I had a slow reading month in October, but November is already off to a whirlwind start with a thrillerthon weekend.
I missed out on Lapena's wildly popular The Couple Next Door, so when sent copies of both of these just in time for Halloween, I figured I'd dive in and here is your double-hitter review.
The Couple Next Door begins with a bad parenting decision that only gets worse: when Anne and Marco's babysitter cancels last minute, they decide to attend their next door neighbor's dinner party anyway, bringing along a baby monitor and checking in every half hour, but leaving baby at home. Not good.
Of course, when they finally arrive home for the night, they find they front door unlocked and the baby missing. What follows is a tangled web of lies, deceits, and unsteady foundations that come crumbling down around the family and everyone they are connected to.
While the pacing might be quick enough to keep a reader turning pages, the writing is so simplistic and (sorry to say) boring that it was hard to imagine someone actually tearing through the pages of a book like this actually caring about the characters.
Have thrillers really come to this? That all that matters is finding the twist, the whodunnit, that crucial unmasking-the-murderer, I-would-have-gotten-away-with-it-if-it-weren't-for-you-meddling-kids scene?
When books can't deliver on style, I find myself just scanning the pages and drifting off. I'll probably solve the mystery, but who cares? If you aren't invested in the people, in their story, what's the point of figuring out who took the baby?
This book was so easy to read. 308 pages and it probably took me less than two hours to read. There just wasn't any substance, no sentences you wanted to stop and read again, no interesting turns of phrase, no indication at all that the author was in fact interested in writing. It's all just plot device spewed out on the page.
And if you want to talk about that ending, feel free to send me a note. Because I have some thoughts.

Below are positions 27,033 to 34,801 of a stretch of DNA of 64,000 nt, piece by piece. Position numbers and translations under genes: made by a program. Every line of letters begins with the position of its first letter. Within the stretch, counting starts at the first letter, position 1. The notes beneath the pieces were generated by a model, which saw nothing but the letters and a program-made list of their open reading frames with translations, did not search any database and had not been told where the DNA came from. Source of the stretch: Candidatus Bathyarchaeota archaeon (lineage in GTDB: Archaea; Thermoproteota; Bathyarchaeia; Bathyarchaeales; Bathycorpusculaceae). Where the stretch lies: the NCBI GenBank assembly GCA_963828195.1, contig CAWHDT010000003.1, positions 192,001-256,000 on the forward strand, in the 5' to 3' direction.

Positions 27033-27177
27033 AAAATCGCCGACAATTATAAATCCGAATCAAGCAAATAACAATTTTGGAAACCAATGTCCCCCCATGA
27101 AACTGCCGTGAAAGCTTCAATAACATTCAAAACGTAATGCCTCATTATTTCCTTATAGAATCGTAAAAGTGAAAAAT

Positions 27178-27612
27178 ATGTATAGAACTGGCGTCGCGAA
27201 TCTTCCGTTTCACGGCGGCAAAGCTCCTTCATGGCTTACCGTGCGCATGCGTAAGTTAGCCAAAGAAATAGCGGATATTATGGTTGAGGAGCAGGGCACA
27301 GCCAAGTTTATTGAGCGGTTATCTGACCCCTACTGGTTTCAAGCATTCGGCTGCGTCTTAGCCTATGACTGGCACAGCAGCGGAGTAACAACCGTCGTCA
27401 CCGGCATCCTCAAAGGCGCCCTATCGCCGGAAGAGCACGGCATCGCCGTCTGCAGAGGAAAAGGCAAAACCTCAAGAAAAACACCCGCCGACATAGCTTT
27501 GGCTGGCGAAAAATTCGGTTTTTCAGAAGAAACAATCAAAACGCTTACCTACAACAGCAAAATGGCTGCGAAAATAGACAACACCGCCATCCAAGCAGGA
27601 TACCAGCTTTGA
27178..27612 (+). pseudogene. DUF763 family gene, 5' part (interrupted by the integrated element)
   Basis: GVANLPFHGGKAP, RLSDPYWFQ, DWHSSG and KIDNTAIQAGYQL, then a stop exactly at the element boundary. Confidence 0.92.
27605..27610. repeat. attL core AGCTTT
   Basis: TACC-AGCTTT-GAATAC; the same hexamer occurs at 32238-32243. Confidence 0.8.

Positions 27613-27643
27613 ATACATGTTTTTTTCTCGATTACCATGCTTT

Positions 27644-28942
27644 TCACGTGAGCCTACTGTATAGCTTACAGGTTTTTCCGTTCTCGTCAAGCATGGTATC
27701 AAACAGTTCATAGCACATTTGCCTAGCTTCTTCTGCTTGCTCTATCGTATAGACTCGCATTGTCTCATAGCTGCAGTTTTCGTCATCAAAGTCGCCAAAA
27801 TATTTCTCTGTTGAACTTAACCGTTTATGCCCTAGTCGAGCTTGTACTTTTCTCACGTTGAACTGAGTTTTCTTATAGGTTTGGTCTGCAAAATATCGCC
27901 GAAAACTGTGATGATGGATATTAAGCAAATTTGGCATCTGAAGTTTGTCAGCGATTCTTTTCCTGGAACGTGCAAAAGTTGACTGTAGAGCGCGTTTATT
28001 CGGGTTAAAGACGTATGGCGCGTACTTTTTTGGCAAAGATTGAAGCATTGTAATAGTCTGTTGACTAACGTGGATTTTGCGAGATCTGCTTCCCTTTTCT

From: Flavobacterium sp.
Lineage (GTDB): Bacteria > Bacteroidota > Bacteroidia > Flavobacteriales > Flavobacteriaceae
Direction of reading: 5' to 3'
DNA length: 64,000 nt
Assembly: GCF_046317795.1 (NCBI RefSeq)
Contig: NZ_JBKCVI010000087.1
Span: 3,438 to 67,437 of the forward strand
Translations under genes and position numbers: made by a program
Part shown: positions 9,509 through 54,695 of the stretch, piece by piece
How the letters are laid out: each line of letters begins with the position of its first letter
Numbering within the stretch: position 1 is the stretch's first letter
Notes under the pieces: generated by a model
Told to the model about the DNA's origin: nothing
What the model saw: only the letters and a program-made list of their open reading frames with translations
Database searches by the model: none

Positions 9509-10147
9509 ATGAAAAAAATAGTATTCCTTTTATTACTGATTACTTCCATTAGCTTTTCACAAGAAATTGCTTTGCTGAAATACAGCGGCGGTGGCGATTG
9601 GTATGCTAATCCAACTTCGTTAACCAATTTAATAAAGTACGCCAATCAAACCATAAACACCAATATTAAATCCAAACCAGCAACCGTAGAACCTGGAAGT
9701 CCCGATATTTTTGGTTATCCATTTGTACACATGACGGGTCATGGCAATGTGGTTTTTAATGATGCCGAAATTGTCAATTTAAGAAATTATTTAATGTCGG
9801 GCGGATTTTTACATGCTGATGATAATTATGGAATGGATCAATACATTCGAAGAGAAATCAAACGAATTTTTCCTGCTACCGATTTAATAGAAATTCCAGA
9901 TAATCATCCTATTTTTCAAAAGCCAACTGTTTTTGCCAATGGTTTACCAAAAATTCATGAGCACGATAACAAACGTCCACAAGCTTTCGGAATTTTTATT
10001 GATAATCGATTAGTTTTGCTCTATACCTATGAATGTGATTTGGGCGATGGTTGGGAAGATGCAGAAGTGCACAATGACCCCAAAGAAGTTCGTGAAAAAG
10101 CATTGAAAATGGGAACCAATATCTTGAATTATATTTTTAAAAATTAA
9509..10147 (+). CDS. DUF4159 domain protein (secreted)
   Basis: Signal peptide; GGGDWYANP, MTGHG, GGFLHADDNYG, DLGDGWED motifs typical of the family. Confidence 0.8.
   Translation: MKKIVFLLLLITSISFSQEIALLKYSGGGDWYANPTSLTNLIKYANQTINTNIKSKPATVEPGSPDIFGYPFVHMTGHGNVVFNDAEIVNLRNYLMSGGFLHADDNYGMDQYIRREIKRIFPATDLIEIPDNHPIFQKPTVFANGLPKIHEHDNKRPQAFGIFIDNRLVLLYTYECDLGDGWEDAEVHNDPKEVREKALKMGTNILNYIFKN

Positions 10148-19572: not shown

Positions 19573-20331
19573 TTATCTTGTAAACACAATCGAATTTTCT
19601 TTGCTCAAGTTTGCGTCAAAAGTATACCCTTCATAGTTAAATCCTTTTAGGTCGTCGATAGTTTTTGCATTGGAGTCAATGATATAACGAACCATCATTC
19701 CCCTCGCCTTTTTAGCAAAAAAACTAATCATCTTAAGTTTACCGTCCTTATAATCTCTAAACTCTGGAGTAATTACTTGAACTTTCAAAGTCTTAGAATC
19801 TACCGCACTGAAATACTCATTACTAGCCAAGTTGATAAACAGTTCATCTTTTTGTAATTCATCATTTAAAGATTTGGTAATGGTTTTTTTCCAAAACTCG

All that said, there was a germ of an interesting idea here, so I didn't want to give up.
A Stranger in the House follows Karen, who, while driving erratically in a bad part of town, causes a car accident that gives her amnesia. When it turns out that her car is connected to a grisly murder scene nearby, all the lies connected with her past and present start to come uncovered. And perhaps she's not the only one with a few secrets.
I fell into the story of this one a lot more naturally, though the writing definitely had not improved. There are a lot of similar elements: a husband and wife at odds over a criminal situation they are involved in, neighbors who know more than they let on, and a familiar homicide detective makes an appearance.
But I just don't think a somewhat interesting plot can make up for tedious and uninspired writing. Aren't we here for the writing? Or does that not matter anymore? I guess I'm honestly interested to know what people consider "good."
For example, in these books, even as it switches between the different character's perspectives, there is no differentiation in the writing. It feels as though the only reason for the change is because that specific character knew something we needed to know, so they got the floor. It is so stilted.
And as far as the plot of A Stranger in the House goes, I have three words: gunshot residue test. That's all I'm saying.
I can't exactly recommend these books. But there are plenty of people who loved them. If you are looking for a fast, brainless, twisty, whodunnit sort of read, one where you don't have to do a lot of thinking or puzzling, this will totally be your jam. If you have higher aspirations for crime books, we'll have to keep looking.
My thanks to Pamela Dorman Books/Viking for my copies of these books.
Get your copies:
The Couple Next Door
A Stranger in the House
Find out more about the author:
Find out more about the publisher, Pamela Dorman Books (Viking, PRH)
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Cute pumpkin carving templates sent by Viking. What a cool idea!
Associate editor, amateur photdographer, bibliophile, and occasional sleuth.